Well, no, actually. Your DOS application runs just fine. It's got a perfectly logical interface, nice graphics, and runs pretty fast. Why should it matter that it isn't a native Windows program?
Technically, it probably doesn't. However, the pressure's on to convert from several directions. Your boss keeps showing you the competition, which although it isn't as powerful or fast as yours and many of the features are just chrome, does look rather swishy. Potential customers seem to lose interest when you tell them it's a DOS program, and just don't seem to want to hear why this is a good thing. And those that do buy it complain about the interface - it may be easy to learn, but it's not the standard Windows one that they've come to expect.
It's time to take the plunge and convert to Windows. There are several ways to do this, ranging from "rewrite in C++ using the Windows API" to "recompile using Windows console mode". The first of these is way outside your experience (or you wouldn't have read this far) and the second you suspect won't keep the customers happy and, in any case, your graphics won't work under it. You need something in between, and could have chosen a visual language plus a Fortran DLL or one of several Windows libraries now available. Your code doesn't suit itself to separating out the i/o sufficiently for the DLL route to be preferable, and in any case you prefer programming in Fortran. You chose Winteracter. Good choice.
The first thing you realise is that Winteracter requires you to use Fortran 90. If your existing code and experience is Fortran 77, don't panic. Chances are your compiler vendor now has a more recent compiler which uses the same non-standard extensions and library routines of their old Fortran 77 compiler, along with the Fortran 90 features you need. Compile your code with this, using the fixed form option, and hey presto you have Fortran 90 code. Don't worry about whether it's Fortran 90 or Fortran 95, by the way - the chances of you running into one of the differences are miniscule, and all the compilers on the market today are Fortran 95 in any case. "Fortran 90" tends to get used as the generic term because that's the version when the really big change in the language happened.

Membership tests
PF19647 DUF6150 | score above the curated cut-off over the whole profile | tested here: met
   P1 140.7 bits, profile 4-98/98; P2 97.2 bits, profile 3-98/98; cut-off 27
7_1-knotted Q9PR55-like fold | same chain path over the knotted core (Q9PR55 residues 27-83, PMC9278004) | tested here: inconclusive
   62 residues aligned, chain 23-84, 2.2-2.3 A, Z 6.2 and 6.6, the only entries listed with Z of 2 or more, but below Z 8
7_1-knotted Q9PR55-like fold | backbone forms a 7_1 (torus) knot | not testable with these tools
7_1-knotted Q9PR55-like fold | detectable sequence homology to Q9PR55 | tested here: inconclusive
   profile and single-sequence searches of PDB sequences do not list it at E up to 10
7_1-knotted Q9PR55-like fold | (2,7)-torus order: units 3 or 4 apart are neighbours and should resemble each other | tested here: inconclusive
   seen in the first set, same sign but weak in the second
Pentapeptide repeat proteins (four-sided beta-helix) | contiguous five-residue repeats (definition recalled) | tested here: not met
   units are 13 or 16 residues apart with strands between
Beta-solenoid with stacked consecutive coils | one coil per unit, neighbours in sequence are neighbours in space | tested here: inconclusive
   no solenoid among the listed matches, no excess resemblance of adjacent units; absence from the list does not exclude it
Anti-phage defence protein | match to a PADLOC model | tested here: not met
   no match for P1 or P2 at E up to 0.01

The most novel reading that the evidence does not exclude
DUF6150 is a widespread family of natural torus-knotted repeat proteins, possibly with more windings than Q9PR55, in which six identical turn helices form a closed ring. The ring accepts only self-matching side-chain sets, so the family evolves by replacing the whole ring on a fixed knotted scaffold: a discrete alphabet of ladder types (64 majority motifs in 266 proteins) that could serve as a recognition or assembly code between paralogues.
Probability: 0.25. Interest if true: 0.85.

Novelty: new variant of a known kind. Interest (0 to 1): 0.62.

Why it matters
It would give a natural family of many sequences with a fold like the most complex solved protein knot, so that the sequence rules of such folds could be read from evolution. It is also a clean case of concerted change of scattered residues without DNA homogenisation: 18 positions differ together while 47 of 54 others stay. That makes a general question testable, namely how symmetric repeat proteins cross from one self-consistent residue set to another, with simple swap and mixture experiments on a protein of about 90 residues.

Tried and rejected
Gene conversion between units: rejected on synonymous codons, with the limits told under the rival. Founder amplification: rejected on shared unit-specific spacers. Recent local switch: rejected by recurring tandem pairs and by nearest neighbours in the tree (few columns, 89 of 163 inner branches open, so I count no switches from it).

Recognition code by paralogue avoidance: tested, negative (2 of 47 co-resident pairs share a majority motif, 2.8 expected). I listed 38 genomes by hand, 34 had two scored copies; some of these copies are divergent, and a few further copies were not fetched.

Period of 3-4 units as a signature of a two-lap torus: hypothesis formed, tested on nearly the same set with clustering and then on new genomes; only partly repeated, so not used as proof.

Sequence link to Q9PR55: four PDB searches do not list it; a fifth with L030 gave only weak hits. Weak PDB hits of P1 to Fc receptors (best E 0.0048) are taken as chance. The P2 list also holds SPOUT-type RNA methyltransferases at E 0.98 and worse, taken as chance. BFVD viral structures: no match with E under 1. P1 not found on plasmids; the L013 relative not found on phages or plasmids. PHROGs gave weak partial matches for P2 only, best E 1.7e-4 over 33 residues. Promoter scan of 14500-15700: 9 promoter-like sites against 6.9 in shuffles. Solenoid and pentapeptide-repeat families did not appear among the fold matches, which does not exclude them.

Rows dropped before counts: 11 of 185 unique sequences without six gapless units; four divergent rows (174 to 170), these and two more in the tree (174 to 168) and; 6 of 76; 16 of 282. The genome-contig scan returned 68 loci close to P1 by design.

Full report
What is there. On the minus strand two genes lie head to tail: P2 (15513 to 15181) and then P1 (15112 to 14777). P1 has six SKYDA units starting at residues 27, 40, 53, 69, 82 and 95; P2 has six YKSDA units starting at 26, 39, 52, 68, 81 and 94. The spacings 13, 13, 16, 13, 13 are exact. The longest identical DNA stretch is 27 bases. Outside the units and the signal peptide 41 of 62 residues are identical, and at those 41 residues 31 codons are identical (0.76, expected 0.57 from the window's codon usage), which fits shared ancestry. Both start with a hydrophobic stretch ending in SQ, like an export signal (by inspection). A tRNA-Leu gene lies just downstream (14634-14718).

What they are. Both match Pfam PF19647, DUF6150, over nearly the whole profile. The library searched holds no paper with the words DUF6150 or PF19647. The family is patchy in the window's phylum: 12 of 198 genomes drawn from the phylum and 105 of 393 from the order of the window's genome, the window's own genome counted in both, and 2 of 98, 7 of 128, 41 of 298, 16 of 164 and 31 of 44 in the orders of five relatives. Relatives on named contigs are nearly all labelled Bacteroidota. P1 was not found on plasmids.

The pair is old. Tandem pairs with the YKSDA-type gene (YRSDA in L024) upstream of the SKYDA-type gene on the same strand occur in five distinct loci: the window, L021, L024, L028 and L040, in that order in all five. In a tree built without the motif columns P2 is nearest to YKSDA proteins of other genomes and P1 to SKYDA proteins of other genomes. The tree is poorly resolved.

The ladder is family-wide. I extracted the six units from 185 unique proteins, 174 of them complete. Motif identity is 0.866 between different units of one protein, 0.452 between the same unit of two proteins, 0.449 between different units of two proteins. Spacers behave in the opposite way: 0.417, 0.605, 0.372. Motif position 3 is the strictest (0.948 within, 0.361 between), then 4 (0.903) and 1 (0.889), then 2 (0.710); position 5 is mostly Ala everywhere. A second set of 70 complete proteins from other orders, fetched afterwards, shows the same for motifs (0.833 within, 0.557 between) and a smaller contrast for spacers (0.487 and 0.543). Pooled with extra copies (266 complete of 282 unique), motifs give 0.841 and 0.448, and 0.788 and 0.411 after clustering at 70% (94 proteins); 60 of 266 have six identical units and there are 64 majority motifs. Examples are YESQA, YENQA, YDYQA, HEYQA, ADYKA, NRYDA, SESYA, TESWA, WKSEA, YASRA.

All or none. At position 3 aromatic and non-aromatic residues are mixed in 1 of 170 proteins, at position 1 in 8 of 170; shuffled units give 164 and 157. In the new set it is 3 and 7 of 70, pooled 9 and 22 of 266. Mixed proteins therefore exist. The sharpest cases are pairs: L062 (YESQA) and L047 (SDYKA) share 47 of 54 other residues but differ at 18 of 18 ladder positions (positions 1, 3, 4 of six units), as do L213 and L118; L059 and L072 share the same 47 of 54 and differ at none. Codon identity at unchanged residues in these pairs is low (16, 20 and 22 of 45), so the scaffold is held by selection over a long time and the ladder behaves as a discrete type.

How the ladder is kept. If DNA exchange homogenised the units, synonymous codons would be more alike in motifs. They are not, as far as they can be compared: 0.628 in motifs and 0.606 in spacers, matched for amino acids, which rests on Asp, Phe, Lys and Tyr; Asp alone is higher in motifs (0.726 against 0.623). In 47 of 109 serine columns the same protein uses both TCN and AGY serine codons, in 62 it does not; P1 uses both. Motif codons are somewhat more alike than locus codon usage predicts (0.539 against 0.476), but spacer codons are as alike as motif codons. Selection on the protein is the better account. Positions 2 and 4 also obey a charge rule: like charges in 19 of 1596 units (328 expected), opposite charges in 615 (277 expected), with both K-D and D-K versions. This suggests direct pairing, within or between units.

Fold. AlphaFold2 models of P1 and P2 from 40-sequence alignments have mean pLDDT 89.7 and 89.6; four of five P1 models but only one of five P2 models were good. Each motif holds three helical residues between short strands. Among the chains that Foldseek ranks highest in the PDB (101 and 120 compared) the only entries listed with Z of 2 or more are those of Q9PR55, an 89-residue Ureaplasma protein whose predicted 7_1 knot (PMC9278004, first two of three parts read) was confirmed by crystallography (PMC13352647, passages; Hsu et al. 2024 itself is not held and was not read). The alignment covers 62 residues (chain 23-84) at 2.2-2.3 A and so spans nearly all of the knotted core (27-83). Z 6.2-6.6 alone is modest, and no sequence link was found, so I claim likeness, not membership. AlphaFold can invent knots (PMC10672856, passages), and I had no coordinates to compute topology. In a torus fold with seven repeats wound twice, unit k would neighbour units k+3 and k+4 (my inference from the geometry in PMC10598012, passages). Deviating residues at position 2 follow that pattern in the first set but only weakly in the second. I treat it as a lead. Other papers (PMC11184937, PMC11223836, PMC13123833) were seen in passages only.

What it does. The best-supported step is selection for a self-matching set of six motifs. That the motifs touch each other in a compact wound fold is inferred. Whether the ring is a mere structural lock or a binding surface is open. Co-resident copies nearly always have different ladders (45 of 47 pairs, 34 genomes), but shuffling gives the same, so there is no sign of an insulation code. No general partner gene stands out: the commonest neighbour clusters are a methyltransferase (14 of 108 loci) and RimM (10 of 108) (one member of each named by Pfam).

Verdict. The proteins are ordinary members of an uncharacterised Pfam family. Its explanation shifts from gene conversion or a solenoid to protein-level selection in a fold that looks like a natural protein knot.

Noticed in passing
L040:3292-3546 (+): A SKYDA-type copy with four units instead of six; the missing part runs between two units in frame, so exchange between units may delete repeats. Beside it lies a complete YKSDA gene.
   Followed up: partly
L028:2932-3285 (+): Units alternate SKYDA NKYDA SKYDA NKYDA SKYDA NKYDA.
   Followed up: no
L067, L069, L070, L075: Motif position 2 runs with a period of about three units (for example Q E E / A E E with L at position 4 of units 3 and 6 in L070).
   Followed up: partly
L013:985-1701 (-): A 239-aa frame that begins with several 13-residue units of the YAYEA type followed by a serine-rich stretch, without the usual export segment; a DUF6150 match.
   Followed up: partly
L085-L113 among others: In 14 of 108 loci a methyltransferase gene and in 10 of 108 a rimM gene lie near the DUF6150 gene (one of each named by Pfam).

You could start by directly changing your own code, replacing old interface routines with calls to Winteracter. In my opinion it's easier and cleaner to start with a completely new main program (one of the Winteracter samples is a good choice) and add routines from your program to it. This avoids having a lot of unused code left around, and also means you at least start off with all the user interface code in one place. For non-Fortran 90 experts, it also gives you a template for the only bits of Fortran 90 you will actually need to use: SELECT CASE, the TYPE statement, and structures.
So, time to start adding your own code? Not yet. First design your interface. If you're lucky, you already had a menu system. This will probably translate across to the new version almost unchanged, but it's worth using as many of the standard Windows menu items as you reasonably can. Your users may expect "Load Data" now, but give them 3 months with the Windows version and they'll be demanding to know why you didn't use the standard "Open" terminology like everyone else. If you had an Edit menu before which bears no resemblance to the standard Windows Edit menu, it might be an idea to rename it. And so on. If you had multiple screen types before, does it make sense to have one window for each screen and allow the user to view them simultaneously, or are you going to stay with a single window with varying contents? Do you want a button bar, and will this duplicate menu functionality or provide something different? There's no one answer to these - it depends strongly on your application, and it is worth knowing exactly what you want before you start. [One exception here might be if you're converting from an INTERACTER program, where I've sometimes found it easier to translate all graphics calls directly into a single window and gradually extract things into their own windows once the program is working.]